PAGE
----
In this post, we’re going to take a look at how I integrated Utterances with my Astro blog without any additional UI library. We’ll create an Astro component that handle calling the Utterances script, and also see how we can change the theme of the Utterances’ IFrame dynamically.
What Is Utterances
First, let’s get to know Utterances. Utterances is a lightweight comments widget build on GitHub issues. It’s also completely free and open source. I’m using Utterances as the comment system of my blog, you can scroll down to the comments section below to see Utterances in action.
You can read more about Utterances in its official website.
Generating Utterances Script
Before we can put Utterances in our site, we have to generate a script to call the Utterances IFrame. You can do it by following the instructions in the official website or the instructions below if you don’t want to leave the site 😆.
First, you have to install Utterances in your GitHub account. Give Utterances access to your site’s repository and make sure that the repository is public.
Next, fill in the template below with your information.
src as it is.
repo structure is:
owner/repo. For example:
issue-term, you can choose among:
label with the label that’ll be assigned to issues created by Utterances.
label is optional. If you don’t need it, just remove the
label attribute from the
script tag. But if you do need it, make sure that the label exist in your repo. To create your own issue label, you can read the instructions here.
theme, you can choose among these options:
The next step is to call that script from your Astro app.
Creating Utterances Astro component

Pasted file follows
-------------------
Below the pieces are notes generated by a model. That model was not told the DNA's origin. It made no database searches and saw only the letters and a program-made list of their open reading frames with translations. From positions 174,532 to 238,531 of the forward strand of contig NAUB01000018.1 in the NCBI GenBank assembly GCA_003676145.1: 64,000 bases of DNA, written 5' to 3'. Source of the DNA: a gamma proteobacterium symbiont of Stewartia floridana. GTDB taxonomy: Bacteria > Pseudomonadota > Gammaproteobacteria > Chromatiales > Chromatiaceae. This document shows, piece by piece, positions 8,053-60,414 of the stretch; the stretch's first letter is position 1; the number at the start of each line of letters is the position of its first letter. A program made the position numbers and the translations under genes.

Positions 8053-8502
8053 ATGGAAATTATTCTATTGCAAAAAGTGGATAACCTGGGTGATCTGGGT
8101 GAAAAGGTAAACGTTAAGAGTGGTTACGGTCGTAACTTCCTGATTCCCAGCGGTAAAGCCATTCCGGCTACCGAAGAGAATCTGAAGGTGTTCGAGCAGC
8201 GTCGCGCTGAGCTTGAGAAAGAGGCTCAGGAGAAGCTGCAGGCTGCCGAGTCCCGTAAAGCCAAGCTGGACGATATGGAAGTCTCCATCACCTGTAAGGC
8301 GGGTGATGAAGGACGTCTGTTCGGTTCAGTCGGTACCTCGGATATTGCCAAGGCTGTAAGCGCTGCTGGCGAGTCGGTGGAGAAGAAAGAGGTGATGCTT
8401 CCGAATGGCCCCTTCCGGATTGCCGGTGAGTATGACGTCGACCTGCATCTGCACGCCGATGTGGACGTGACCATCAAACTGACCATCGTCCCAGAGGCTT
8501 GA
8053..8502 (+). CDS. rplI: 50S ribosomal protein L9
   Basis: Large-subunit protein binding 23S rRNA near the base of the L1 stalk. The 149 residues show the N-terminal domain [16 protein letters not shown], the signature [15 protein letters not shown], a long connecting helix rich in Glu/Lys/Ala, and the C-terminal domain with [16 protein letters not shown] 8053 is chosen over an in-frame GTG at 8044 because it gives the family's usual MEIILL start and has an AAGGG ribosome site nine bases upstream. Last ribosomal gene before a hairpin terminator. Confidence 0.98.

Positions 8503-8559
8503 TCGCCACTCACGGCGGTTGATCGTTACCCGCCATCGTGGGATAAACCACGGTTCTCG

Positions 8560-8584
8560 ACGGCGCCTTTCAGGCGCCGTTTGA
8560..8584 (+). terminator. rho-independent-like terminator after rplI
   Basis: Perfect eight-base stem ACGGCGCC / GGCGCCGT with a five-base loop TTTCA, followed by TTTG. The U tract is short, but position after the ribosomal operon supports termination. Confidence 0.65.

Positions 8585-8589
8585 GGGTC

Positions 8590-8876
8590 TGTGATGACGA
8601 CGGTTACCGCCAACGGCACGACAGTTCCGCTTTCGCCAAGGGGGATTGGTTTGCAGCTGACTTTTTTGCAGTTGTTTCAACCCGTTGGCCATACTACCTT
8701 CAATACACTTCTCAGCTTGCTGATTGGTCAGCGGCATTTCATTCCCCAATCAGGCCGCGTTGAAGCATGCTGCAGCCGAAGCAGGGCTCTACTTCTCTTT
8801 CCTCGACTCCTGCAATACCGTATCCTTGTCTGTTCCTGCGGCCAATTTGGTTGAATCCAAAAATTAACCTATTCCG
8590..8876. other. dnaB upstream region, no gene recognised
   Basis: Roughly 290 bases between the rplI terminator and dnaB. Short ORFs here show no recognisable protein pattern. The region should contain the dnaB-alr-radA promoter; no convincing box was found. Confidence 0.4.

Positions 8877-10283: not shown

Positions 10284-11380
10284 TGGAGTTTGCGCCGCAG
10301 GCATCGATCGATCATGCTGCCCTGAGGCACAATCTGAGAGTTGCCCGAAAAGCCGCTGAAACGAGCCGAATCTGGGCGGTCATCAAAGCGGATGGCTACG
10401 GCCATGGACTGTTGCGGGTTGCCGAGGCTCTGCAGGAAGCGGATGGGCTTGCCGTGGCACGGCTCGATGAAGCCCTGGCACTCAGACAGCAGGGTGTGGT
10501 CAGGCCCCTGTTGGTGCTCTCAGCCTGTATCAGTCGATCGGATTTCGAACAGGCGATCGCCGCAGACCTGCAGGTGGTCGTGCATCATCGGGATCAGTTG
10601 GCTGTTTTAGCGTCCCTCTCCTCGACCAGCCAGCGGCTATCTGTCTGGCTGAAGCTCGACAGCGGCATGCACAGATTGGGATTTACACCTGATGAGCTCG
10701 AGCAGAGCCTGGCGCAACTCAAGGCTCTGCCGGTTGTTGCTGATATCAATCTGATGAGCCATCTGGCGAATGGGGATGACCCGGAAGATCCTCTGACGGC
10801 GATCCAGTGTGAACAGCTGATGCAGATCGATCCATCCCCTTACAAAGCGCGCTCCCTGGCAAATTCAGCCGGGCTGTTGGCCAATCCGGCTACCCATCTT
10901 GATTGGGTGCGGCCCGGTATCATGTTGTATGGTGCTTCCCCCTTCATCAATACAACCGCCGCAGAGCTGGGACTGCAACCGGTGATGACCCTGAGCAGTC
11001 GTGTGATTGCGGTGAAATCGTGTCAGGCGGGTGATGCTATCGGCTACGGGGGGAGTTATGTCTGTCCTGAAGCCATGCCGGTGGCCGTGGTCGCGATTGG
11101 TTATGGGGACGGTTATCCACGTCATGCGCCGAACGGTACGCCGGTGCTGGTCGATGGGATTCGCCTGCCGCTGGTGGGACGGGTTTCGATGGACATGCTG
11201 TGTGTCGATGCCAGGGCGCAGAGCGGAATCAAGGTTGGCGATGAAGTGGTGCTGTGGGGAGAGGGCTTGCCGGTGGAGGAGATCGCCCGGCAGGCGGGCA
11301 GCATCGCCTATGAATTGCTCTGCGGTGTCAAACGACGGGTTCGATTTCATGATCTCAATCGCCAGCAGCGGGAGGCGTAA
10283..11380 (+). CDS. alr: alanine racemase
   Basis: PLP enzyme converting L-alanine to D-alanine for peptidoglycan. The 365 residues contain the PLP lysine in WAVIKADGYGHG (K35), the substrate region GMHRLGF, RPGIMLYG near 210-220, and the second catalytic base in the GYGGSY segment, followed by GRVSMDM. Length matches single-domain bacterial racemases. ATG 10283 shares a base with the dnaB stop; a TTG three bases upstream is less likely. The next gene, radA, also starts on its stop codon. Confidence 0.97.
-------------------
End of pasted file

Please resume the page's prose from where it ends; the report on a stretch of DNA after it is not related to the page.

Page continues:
Let’s create a component that can call that Utterances script for reusability. Start by creating an Astro component. I named mine
Next, put a single
div element in the component with whatever
id you like. It’s going to serve as a container for Utterances.
<script> tag, not frontmatter(
---). Inside the
<script> tag, let’s put in these code:
So basically, we’re creating a
script element, then we assign it all our Utterances` script attributes, and finally, we insert the script into the container.
Utterances.astro should now look something like this:
With that, we’re finished with the component. You can plug it wherever you want your Utterances comment to show up.
Changing Utterances Theme Based On Site Theme
Now let’s take this a step further by having the Utterances theme match the site theme. This part really depends on how the theming system on your site works. A common approach is to persist theming information in local storage. I’m going to use that as an example here.
Nice our Utterances theme change dynamically now. But it’s still not perfect.
Usually, a site that support both light mode and dark mode will have a button to toggle between the modes. With our current implementation, the theme only change when our component mounts. In other words, even if we click on the button to toggle site theme change, we have to refresh the page before Utterance know about the change.
Synchronizing Utterances Theme With Site Theme
In order to make sure the Utterance theme is synced with the
theme value in our local storage, we are going to create a function to trigger theme change manually and bind it to our light/dark mode toggle button.
The function read our new
theme value and send a message containing the new
theme value to the Utterance IFrame. This way we can change the Utterance theme without refreshing the page.
And finally, we need to make sure our light/dark mode toggle button change the value in local storage and call the function.
With that, our Utterances theme will be in sync with our local storage 🎉.
That’s it for this post. We’ve successfully integrate Utterances with our Astro site. You might need to adjust the theme codes with how your theme system is implemented, but you should have a general idea of how to do it now. If you have any questions, feel free to comment below.